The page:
Article

FTO genotype is associated with phenotypic variability of body mass index

University of Queensland Diamantina Institute, The University of Queensland, Princess Alexandra Hospital, Brisbane, Queensland 4102, Australia.
Nature (Impact Factor: 42.35). 09/2012; 490(7419):267-72. DOI: 10.1038/nature11401
Source: PubMed

ABSTRACT There is evidence across several species for genetic control of phenotypic variation of complex traits, such that the variance among phenotypes is genotype dependent. Understanding genetic control of variability is important in evolutionary biology, agricultural selection programmes and human medicine, yet for complex traits, no individual genetic variants associated with variance, as opposed to the mean, have been identified. Here we perform a meta-analysis of genome-wide association studies of phenotypic variation using ∼170,000 samples on height and body mass index (BMI) in human populations. We report evidence that the single nucleotide polymorphism (SNP) rs7202116 at the FTO gene locus, which is known to be associated with obesity (as measured by mean BMI for each rs7202116 genotype), is also associated with phenotypic variability. We show that the results are not due to scale effects or other artefacts, and find no other experiment-wise significant evidence for effects on variability, either at loci other than FTO for BMI or at any locus for height. The difference in variance for BMI among individuals with opposite homozygous genotypes at the FTO locus is approximately 7%, corresponding to a difference of ∼0.5 kilograms in the standard deviation of weight. Our results indicate that genetic variants can be discovered that are associated with variability, and that between-person variability in obesity can partly be explained by the genotype at the FTO locus. The results are consistent with reported FTO by environment interactions for BMI, possibly mediated by DNA methylation. Our BMI results for other SNPs and our height results for all SNPs suggest that most genetic variants, including those that influence mean height or mean BMI, are not associated with phenotypic variance, or that their effects on variability are too small to detect even with samples sizes greater than 100,000.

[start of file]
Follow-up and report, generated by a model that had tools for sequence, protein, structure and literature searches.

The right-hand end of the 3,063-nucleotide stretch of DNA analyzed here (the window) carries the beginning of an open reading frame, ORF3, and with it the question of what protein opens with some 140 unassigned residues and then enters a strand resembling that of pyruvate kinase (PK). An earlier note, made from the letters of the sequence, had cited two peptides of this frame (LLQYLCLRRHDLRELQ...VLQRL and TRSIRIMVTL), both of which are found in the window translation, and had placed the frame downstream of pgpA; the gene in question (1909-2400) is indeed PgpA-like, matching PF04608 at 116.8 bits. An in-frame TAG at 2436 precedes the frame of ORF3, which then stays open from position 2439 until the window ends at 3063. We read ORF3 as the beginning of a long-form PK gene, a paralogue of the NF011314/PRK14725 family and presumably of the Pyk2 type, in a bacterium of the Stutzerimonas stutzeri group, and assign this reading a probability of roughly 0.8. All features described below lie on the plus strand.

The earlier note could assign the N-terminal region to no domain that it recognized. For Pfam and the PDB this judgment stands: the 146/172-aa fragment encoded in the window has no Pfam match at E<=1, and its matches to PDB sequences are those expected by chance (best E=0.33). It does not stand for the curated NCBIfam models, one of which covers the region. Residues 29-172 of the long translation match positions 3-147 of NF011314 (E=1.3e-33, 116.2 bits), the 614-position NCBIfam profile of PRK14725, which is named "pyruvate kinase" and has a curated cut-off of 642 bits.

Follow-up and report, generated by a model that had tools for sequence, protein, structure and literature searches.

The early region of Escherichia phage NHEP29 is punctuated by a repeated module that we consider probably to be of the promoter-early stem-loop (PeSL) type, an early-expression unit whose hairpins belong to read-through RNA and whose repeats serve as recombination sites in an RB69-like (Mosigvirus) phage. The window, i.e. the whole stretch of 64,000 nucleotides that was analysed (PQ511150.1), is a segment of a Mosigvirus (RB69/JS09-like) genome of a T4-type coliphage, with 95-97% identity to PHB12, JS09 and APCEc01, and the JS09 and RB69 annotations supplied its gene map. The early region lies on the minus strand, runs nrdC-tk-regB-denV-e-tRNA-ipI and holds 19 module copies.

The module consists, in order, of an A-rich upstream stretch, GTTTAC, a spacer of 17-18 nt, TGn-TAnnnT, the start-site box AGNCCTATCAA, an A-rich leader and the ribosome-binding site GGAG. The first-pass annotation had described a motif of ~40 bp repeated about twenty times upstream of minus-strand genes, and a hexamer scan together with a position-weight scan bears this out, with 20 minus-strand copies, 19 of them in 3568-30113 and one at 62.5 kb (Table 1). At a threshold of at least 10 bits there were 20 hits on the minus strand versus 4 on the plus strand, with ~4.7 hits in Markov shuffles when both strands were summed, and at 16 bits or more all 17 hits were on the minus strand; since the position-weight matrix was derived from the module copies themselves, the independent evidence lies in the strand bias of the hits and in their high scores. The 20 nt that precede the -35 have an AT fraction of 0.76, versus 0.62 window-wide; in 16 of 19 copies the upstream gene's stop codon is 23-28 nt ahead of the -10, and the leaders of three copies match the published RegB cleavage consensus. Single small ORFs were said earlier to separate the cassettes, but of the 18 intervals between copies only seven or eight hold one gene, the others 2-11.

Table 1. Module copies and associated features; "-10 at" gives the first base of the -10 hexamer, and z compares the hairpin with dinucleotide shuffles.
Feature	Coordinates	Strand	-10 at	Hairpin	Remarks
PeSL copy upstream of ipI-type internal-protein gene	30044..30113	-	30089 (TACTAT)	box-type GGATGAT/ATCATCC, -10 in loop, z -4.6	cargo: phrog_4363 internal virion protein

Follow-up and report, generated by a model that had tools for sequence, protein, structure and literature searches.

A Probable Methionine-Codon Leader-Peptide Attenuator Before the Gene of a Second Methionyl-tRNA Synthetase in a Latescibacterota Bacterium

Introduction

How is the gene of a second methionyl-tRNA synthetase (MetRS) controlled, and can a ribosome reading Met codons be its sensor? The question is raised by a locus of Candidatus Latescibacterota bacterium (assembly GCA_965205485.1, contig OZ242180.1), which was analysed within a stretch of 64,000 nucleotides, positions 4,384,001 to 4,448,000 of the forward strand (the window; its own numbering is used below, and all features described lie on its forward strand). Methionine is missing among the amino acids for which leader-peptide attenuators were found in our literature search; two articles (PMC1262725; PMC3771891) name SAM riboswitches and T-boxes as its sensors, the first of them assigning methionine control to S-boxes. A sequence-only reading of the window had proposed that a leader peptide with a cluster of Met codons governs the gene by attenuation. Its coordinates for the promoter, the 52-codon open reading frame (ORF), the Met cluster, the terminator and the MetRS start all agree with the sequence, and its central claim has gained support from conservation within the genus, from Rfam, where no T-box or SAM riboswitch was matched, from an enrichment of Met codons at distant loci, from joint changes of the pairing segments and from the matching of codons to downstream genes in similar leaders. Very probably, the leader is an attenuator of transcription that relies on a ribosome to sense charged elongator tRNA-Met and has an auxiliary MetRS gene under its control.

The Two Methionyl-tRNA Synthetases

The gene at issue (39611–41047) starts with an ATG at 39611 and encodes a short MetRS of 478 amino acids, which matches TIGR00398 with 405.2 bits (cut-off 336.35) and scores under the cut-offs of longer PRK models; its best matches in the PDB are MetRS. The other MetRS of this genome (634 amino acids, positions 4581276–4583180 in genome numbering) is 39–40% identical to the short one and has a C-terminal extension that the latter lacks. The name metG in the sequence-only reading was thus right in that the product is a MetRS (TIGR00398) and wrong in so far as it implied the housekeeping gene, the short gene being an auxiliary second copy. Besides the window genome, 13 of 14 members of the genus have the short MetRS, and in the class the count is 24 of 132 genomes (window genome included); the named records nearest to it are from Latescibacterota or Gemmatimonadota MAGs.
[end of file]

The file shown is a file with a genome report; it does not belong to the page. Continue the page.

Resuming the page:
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    • "consistently the most prevalent genetic variant for human BMI (Speliotes et al. 2010, Yang et al. 2012) and, the latest GWAS meta-analysis on 249 796 adults, established an unambiguous effect size of 0.39 kg m À2 per FTO effect allele (P-value<10 À120 ) (Speliotes et al. 2010). The association between polymorphisms in the FTO gene and adult BMI is robust in both genders with consistent effect in almost all ethnic groups studied although differences exist in haplotype blocks and frequency of polymorphisms between populations [see (Jacobsson et al. 2013) for review]. "